Growing up green was (and still is) my favorite color!  Rich, deep emerald and hunter greens being my absolute favorite tones.  I remember when I turned 12 and was getting ready to start junior high school.  My eyes, up that point, had been blue…sort of a deep, rather muddy blue.  I always dreamed of having green eyes…but had resigned myself to a noncommittal blue that nature seem to have bestowed upon me.  But then…it happened.  My eyes changed to green!  Many thought I had lost my mind.  “How do eyes change?” they said.  But nonetheless, they did and I took it as a good omen for the beginning of my 7th grade year.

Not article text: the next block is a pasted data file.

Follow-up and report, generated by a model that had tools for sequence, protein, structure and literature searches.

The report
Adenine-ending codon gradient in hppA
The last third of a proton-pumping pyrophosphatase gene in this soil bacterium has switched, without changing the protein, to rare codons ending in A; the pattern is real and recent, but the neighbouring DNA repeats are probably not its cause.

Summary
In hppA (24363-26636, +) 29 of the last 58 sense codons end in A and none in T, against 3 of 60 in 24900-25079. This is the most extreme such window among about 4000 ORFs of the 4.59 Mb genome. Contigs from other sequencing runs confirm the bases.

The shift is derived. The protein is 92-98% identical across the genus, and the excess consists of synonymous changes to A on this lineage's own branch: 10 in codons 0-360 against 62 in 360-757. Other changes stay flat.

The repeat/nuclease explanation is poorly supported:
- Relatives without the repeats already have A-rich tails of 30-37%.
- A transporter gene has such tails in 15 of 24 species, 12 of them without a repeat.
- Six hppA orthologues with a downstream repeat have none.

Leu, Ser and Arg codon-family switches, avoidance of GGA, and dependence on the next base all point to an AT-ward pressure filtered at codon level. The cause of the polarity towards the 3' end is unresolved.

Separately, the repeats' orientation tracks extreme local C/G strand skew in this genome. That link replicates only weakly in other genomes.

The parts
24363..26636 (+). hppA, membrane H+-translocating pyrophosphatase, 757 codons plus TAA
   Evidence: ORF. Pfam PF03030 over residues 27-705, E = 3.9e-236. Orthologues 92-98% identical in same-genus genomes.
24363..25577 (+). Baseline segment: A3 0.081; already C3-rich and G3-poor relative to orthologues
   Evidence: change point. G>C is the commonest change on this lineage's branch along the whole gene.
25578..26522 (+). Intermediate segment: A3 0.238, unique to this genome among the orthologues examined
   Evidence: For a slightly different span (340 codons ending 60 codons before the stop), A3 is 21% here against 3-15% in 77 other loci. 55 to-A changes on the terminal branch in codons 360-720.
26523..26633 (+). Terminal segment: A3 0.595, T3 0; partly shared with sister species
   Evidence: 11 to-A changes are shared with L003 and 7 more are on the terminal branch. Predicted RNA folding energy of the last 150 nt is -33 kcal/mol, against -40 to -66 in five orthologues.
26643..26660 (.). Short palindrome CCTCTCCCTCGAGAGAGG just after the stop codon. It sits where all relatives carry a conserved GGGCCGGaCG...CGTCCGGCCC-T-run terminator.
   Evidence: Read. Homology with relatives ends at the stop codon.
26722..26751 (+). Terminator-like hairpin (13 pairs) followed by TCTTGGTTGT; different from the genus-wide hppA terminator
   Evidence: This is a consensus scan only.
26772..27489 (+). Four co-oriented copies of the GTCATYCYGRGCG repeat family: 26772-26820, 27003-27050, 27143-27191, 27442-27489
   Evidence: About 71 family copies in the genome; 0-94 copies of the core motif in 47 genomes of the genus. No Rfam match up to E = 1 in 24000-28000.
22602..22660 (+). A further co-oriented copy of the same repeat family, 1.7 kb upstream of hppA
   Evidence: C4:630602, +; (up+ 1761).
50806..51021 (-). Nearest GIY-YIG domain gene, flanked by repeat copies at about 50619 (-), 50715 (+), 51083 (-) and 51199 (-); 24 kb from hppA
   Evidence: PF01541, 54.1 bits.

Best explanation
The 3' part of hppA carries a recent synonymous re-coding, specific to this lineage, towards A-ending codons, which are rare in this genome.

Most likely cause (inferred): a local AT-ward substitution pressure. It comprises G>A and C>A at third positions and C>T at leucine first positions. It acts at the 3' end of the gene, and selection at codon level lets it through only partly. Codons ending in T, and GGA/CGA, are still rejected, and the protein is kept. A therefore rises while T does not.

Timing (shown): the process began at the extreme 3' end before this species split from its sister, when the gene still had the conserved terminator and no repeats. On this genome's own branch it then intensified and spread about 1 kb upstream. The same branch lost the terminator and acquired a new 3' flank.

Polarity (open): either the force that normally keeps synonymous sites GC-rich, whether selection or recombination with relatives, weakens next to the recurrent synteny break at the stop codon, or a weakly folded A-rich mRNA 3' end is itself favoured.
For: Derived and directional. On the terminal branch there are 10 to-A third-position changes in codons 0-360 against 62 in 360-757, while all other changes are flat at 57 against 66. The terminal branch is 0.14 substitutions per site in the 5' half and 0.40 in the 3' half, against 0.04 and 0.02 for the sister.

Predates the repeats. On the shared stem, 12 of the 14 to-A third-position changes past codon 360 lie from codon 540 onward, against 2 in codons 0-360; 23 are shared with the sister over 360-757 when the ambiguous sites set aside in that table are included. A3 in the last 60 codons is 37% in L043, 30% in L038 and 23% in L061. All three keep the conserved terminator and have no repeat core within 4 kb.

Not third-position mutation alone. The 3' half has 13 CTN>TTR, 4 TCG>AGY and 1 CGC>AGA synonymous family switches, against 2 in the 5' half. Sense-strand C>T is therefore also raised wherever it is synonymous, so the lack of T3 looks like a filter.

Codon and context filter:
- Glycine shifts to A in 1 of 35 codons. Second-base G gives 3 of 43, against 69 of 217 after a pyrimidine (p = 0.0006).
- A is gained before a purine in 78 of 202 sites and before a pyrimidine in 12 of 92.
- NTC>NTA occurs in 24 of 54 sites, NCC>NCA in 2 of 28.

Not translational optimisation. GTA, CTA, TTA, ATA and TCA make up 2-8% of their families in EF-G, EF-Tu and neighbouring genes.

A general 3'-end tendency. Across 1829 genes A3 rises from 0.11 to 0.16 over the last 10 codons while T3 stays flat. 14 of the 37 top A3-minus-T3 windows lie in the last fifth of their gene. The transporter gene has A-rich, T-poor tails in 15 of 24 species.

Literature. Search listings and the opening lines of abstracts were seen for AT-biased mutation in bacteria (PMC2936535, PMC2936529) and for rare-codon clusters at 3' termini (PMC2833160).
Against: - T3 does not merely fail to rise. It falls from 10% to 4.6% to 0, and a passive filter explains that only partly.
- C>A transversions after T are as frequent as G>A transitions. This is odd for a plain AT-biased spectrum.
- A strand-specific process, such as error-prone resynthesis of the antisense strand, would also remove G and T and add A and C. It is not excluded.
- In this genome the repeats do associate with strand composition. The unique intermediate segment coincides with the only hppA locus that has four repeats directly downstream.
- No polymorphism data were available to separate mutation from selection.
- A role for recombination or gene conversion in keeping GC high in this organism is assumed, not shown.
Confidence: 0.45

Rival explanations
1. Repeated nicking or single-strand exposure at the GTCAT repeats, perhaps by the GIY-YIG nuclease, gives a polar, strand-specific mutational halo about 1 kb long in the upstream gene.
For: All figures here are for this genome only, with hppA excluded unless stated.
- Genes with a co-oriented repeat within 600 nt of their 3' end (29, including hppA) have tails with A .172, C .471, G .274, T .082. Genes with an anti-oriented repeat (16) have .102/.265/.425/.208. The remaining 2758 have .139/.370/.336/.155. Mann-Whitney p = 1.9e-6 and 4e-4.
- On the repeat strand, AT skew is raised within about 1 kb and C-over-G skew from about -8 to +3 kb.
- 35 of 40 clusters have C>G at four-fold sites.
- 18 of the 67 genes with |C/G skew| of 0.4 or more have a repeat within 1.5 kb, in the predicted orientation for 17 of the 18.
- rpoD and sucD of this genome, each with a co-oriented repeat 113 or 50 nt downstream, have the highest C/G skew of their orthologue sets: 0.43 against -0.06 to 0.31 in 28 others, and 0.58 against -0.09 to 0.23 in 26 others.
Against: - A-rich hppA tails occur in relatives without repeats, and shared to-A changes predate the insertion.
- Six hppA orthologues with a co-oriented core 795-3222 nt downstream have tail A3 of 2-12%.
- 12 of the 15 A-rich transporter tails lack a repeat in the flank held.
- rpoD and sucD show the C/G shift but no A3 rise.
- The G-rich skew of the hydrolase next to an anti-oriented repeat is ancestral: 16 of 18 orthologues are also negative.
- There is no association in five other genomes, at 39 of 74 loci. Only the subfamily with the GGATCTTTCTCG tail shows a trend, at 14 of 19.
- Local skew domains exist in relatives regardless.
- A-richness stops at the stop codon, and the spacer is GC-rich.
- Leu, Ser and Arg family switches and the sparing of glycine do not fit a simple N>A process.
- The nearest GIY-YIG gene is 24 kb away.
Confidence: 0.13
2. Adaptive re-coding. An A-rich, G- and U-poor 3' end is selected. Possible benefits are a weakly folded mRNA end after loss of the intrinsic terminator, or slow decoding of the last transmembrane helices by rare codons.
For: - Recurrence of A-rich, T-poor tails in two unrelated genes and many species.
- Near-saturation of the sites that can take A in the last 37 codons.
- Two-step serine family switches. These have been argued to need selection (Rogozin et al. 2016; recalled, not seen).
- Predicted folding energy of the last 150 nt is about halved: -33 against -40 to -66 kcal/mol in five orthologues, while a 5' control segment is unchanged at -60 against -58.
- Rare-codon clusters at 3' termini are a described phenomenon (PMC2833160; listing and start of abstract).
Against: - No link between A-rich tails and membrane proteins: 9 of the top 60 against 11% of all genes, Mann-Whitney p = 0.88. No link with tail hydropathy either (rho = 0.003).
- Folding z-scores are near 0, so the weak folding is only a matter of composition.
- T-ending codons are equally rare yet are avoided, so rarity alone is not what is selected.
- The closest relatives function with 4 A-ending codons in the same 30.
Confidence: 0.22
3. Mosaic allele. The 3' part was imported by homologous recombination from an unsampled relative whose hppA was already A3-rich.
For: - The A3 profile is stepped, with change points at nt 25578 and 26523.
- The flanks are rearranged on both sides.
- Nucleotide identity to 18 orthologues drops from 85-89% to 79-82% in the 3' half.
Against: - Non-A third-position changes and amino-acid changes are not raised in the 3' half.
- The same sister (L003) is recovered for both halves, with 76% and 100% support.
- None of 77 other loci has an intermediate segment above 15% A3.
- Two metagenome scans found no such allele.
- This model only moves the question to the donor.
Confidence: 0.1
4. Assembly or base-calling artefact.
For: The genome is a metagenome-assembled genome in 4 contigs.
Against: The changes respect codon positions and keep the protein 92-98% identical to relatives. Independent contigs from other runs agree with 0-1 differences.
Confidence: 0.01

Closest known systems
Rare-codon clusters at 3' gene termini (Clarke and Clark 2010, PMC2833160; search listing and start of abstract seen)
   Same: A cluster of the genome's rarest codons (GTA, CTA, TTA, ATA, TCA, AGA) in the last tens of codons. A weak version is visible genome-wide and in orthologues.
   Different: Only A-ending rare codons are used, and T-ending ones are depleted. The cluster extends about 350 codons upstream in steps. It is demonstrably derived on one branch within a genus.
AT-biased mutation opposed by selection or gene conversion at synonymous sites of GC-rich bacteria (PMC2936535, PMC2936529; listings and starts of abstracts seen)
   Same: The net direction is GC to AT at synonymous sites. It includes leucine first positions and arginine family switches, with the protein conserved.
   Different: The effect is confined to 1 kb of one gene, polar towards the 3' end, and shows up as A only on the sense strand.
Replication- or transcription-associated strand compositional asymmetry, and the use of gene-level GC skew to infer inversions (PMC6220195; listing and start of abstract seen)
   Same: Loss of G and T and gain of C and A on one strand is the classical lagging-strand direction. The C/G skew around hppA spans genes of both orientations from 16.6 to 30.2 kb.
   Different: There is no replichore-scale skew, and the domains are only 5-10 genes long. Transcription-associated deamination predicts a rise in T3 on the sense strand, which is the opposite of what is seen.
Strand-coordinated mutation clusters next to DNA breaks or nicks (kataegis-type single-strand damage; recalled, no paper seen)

Green in its various shades can ooze an aura of calm, of control, of earthiness, or of richness.  As well loved as the color blue, but not as often worn.  In fact those wearing green may find their daily quota of compliments delightfully increase!

The same can be true for women of past centuries who paid a pretty penny for numerous yards of the richly dyed fabric.  Seen mostly in evening wear, green gowns of various hues have been gracing ballrooms and tea rooms for decades.

So in honor of March, St. Patrick’s Day and the Emerald Isle, I hope you enjoy a few of my favorite green gowns!


 -To see gowns that didn’t make the final cut, check out my Pinterest Board.

March green inspiration

From My Sewing Table: March